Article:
It’s curious that the first image October conjures up is a biblical nightmare from the book of Daniel. In that instance, the Babylonian king is frightened in his dream by a giant statue that comes tumbling to the ground. Of course, in that context, it had a lot of the same connotations, that his kingdom would come crashing to the ground with a resounding thud.
Obviously, there is an overarching narrative which holds importance, but Eisenstein always was a filmmaker of emotion elicited through moving images. So if I’m to be completely honest, the exact particulars of October don’t altogether interest me that much. Certainly, the Russian Revolution is an interesting and cataclysmic moment in 2oth century world history. However, all its crevices and nuances could just as easily be found in a textbook or piece of historical literature.
October is engaging visually, as not only a piece of historical documentation, but of propaganda, and artistic expression through a highly visual medium. Sergei Eisenstein is one of the forefathers of editing and even to this day how he decided to cut his films is fascinating. Part of this is his complete and utter break with the classical Hollywood style of editing that most of us have been born and bred on. Eisenstein is in complete juxtaposition with these normal sensibilities, and that gives his work a perplexing quality that carries a great deal of weight in its own right.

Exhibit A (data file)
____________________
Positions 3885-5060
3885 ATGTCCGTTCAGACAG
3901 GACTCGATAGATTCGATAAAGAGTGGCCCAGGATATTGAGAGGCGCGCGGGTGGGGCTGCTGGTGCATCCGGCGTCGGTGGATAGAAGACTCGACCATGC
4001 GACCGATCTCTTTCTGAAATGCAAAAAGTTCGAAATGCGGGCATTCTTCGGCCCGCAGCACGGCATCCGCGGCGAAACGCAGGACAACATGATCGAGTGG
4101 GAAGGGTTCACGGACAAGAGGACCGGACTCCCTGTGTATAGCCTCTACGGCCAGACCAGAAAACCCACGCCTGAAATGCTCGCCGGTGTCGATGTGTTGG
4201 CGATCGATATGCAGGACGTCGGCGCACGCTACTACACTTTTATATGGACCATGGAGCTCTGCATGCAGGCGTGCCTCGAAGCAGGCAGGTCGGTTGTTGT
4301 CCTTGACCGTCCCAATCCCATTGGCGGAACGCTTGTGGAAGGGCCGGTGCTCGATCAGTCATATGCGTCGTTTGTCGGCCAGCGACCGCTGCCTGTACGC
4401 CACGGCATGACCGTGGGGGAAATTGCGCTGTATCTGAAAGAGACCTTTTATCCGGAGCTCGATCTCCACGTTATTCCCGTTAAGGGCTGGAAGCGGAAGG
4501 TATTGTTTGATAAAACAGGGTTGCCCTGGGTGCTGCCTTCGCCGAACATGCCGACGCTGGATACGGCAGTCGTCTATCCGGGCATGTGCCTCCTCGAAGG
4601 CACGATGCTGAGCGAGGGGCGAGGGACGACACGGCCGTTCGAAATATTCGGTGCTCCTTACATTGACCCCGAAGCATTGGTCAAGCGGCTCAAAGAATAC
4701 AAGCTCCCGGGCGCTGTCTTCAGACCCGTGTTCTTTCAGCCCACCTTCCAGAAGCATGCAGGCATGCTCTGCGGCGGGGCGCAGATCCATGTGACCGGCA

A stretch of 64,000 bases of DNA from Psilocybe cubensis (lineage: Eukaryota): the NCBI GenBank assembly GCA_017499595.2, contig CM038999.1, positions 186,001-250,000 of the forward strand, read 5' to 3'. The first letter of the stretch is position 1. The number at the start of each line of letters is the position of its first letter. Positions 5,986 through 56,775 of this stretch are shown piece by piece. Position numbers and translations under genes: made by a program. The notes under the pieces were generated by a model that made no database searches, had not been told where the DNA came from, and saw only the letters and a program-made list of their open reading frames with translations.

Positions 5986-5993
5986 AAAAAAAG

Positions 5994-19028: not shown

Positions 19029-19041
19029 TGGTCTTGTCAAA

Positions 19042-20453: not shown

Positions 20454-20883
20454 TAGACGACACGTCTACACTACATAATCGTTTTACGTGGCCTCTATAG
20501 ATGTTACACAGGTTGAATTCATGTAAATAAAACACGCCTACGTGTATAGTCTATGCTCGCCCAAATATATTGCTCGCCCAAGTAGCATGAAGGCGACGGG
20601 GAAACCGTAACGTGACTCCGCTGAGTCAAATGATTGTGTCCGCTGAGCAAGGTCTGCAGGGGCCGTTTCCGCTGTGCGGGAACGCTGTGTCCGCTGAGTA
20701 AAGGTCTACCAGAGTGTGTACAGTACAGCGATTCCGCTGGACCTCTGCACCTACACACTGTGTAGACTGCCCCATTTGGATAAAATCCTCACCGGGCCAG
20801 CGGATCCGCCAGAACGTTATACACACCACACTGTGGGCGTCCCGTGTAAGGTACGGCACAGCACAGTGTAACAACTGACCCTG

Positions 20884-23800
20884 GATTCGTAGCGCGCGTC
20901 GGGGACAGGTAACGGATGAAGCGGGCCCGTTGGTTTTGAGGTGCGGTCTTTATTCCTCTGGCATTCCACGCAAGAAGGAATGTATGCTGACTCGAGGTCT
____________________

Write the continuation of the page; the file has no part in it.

There are scurrying people, smiling faces strung together with montage and quick cutting. It’s grand chaos that is stirring even as it’s, at the same time, rather frightening to behold. The images are bursting forth with fervent energy and vigor for a cause still very much on the rise across the contemporary landscape.
The sheer mass of the mayhem is mind-boggling rather like Metropolis. Its frames are inhabited by seas of people, forests of guns, earthquake of feet hitting the pavement, constantly reverberating and repeating at different intervals. The grizzled yet ecstatic faces of the common man lend credence to Einsenstein’s unifying message waving the banner of the Communist nation.The palace being overrun by hoards is difficult to discount as is the spliced together images of varying religions. These are only a few of the eclectic pieces of the train that make up October. It is a document of a time and place that just happened to be St. Peterburg Moscow on October 27th, 1917. The clocks at the denouement suggest that it had a universal impact on the entire world. If the Cold War is any indication, then Eisenstein might be right.